The Tin Can Crucible
A Firsthand Account of Modern-day Sorcery Violence
By Christopher Davenport
Reviewed by Leo Cecchini
The Tin Can Crucible is a fascinating account of how Christopher Davenport is inculcated into the customs, morals, values, and way of life in a village where he trains for his teaching assignment in Papua New Guinea, where he served as a Volunteer 1994–96. He documents the process that leads him to comply with the customs of his new family. The process is so complete that Davenport comes to accept what would be in his previous life a reprehensible act: After a venerated elder dies, villagers kidnap, torture, and ultimately murder a woman they accuse of witchcraft.
Descriptions of the environment are beautiful — especially the dense forests in the New Guinea highlands. And as different as life in the village is for Davenport from what he has known, he draws out the common human traits his hosts share with him and others. At the same time, this is a book that revolves around a horrendous act that demonstrates the gulf between cultures. “In their capacity for endless patience and remarkable kindness, as well as unspeakable brutality,” he assesses, “I came to recognize the complexity, the frailty, and even the humanity, of the people with whom I was living.”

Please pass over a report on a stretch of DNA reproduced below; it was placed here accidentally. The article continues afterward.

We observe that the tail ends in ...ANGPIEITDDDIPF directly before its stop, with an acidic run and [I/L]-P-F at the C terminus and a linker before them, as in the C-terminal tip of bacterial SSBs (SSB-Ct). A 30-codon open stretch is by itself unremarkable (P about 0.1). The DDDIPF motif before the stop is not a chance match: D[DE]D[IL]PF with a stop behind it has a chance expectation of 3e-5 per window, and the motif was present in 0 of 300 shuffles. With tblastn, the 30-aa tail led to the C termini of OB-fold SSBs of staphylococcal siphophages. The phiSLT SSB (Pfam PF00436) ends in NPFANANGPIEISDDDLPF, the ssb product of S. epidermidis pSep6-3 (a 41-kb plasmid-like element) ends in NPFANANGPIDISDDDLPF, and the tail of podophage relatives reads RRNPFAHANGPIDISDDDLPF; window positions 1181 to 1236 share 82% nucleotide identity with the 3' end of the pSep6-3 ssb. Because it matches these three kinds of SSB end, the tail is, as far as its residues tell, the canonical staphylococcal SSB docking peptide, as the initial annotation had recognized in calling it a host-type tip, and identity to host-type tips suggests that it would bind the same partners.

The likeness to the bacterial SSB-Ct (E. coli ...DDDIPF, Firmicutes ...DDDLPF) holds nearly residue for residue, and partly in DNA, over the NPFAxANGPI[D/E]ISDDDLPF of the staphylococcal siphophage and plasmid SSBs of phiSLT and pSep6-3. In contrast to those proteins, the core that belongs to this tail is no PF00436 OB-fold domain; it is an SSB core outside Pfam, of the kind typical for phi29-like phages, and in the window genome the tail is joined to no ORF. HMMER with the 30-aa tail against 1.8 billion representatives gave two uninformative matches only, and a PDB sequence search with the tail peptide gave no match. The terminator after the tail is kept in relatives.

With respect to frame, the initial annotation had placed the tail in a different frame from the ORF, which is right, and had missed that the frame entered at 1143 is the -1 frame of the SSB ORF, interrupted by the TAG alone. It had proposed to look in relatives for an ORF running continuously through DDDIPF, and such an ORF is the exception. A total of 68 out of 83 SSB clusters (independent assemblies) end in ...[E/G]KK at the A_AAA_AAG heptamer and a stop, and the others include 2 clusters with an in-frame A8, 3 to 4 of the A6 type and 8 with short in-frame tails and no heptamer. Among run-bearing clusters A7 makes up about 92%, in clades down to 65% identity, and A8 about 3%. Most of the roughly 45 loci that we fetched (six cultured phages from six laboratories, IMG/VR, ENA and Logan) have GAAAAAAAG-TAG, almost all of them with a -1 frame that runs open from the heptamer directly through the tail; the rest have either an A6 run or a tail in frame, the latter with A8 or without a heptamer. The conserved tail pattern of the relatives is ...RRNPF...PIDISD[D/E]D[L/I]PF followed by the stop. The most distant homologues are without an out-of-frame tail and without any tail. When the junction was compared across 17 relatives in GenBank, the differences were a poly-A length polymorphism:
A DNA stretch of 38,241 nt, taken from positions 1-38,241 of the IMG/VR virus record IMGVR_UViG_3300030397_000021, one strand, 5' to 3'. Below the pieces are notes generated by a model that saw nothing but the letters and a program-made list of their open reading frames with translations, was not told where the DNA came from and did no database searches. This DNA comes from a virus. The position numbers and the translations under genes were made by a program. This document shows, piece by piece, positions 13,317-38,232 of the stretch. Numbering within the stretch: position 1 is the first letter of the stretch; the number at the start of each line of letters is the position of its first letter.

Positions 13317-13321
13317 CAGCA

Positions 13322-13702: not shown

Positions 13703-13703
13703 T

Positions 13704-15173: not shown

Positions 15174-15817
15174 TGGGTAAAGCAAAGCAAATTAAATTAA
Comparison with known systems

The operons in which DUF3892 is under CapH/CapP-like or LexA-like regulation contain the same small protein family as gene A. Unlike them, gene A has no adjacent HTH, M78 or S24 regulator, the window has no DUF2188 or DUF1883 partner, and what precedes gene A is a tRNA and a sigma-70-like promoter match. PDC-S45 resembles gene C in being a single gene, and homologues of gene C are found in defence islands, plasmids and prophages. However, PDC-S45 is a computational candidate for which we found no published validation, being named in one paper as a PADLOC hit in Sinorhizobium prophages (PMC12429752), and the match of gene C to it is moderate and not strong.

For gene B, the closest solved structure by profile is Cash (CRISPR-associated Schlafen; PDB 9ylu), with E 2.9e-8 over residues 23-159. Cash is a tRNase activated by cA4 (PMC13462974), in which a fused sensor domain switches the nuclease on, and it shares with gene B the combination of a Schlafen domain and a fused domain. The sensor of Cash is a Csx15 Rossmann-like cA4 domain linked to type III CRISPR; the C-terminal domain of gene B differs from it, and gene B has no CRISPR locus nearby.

Davenport serves with the State Department — work that has taken him to Vietnam, Guatemala, Tajikistan, and elsewhere.
This review appears in the special 2022 Books Edition of WorldView magazine. It is adapted from a review originally published by Peace Corps Worldwide.
Leo Cecchini served as a Volunteer in Ethiopia 1962–64.